Preparing to learn

Whatever the instructional quality of your library-school experience—as a library-school instructor I am perennially besieged by librarians telling me all the myriad ways I’m doing it wrong—it provided you with several key learning aids: structure, scaffolding, and permission to learn.

Permission to learn? Who needs permission to learn? Don’t we all automatically have that? Well, no. If you can’t be seen on the job with your nose in a book or your attention on a webinar, your workplace has not given you permission to learn. If you fear harsh punishment from your supervisory chain for the least mistake, your workplace has not given you permission to learn. If you automatically freeze up in front of anything you’ve never done before, or if you cringe at doing something you’re not yet expert at, you haven’t given yourself permission to learn.

Scaffolding for learning includes the obvious: courseware (horrible though that is), library access to many more books and journals than anyone could possibly buy, and a readymade community of fellow learners. It includes instructors, of course, but just as important if not more so are advisors: people who have a broad sense of the field, know roughly where you are in it, and can nudge you toward the best opportunities accordingly. All this disappears when you graduate; you will have to rebuild what parts of the scaffold you need.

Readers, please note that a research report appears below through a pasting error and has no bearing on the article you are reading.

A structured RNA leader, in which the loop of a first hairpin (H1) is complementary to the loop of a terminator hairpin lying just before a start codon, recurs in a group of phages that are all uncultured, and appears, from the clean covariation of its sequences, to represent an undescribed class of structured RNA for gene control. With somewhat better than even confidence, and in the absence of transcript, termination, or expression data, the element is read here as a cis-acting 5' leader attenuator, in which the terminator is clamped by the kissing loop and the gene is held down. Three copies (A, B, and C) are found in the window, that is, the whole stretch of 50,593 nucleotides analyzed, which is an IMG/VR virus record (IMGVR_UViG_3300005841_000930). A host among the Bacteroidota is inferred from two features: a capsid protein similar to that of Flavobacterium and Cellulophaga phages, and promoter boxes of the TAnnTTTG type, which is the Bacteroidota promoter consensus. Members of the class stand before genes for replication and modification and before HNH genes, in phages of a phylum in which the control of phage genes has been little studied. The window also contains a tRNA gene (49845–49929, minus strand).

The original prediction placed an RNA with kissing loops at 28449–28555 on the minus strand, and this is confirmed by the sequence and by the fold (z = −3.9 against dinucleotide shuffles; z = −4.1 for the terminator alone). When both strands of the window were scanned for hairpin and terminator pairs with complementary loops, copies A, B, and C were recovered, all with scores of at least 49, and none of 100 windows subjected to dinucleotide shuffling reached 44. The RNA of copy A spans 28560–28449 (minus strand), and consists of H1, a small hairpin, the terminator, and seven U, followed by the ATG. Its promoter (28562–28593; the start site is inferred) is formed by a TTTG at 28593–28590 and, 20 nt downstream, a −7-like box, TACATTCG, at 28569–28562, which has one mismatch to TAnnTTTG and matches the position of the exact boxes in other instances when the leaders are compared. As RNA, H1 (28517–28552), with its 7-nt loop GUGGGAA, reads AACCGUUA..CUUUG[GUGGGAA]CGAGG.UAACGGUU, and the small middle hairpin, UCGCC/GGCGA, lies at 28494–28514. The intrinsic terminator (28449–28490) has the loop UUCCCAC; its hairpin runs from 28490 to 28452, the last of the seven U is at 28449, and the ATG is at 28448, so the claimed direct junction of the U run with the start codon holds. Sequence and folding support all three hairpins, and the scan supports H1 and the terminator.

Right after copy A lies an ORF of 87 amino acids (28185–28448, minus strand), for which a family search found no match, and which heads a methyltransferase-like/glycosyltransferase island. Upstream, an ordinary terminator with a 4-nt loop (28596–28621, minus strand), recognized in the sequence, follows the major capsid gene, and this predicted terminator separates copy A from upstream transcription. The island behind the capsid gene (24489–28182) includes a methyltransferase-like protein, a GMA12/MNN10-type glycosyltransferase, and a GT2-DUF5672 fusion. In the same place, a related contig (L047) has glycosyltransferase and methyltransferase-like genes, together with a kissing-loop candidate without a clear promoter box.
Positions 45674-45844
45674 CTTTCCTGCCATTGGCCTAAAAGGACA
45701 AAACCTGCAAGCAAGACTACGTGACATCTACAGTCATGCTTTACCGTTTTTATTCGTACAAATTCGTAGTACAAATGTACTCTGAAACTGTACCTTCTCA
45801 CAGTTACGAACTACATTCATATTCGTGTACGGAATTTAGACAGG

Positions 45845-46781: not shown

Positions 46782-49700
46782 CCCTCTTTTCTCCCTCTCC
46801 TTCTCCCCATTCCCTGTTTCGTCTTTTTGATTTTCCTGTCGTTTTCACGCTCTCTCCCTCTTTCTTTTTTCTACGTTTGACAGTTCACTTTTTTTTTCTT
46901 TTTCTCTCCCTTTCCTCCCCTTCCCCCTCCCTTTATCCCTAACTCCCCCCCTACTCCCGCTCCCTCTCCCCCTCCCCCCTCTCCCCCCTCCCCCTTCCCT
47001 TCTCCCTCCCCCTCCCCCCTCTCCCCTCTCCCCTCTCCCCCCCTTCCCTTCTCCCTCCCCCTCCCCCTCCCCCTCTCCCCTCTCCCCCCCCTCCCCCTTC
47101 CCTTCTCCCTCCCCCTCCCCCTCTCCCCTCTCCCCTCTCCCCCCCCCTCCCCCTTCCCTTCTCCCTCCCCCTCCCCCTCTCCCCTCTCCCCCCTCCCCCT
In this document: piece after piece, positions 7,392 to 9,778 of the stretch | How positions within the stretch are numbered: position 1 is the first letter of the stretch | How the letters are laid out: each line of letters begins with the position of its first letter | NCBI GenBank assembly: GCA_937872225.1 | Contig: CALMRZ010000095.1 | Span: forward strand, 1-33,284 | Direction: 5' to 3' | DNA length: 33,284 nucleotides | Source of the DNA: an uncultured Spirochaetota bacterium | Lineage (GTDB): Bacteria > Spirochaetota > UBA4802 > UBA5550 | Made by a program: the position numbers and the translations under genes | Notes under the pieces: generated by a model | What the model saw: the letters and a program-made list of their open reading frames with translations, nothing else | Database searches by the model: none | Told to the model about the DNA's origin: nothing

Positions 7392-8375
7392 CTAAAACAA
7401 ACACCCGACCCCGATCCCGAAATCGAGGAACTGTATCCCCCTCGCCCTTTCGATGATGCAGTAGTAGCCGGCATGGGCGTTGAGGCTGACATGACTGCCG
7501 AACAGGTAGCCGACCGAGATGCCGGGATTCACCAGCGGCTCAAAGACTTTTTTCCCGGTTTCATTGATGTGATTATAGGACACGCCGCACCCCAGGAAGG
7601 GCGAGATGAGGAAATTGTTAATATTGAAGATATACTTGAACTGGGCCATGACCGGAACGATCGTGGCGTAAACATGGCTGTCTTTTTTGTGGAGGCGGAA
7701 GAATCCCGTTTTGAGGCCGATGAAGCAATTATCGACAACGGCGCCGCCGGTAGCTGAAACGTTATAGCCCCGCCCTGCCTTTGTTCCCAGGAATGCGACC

Library degree programs are rather less structured than they once were; I teach in a program with three required courses, though when I graduated from it, there were six. Even so, the shape of the curriculum, including prerequisites for advanced coursework as well as bare requirements, at least hints at what areas of study are available and how best to progress through them. Nothing like this exists in the continuing-education world; you have to map the landscape and build a path for yourself, and if you want advice, you’ll have to find someone you trust to offer it. Individual courses are structured as well, with readings and assignments laid out by the week, and due dates set from day one. If you need courselike structures to learn best, you can find them in the continuing-education universe, but many of the best learning opportunities do not come in neatly-packaged course form. You will have to structure your own learning… which is a skill in and of itself.

You still need many forms of structure, scaffolding, and permission. This chapter will help you figure out how to put them together.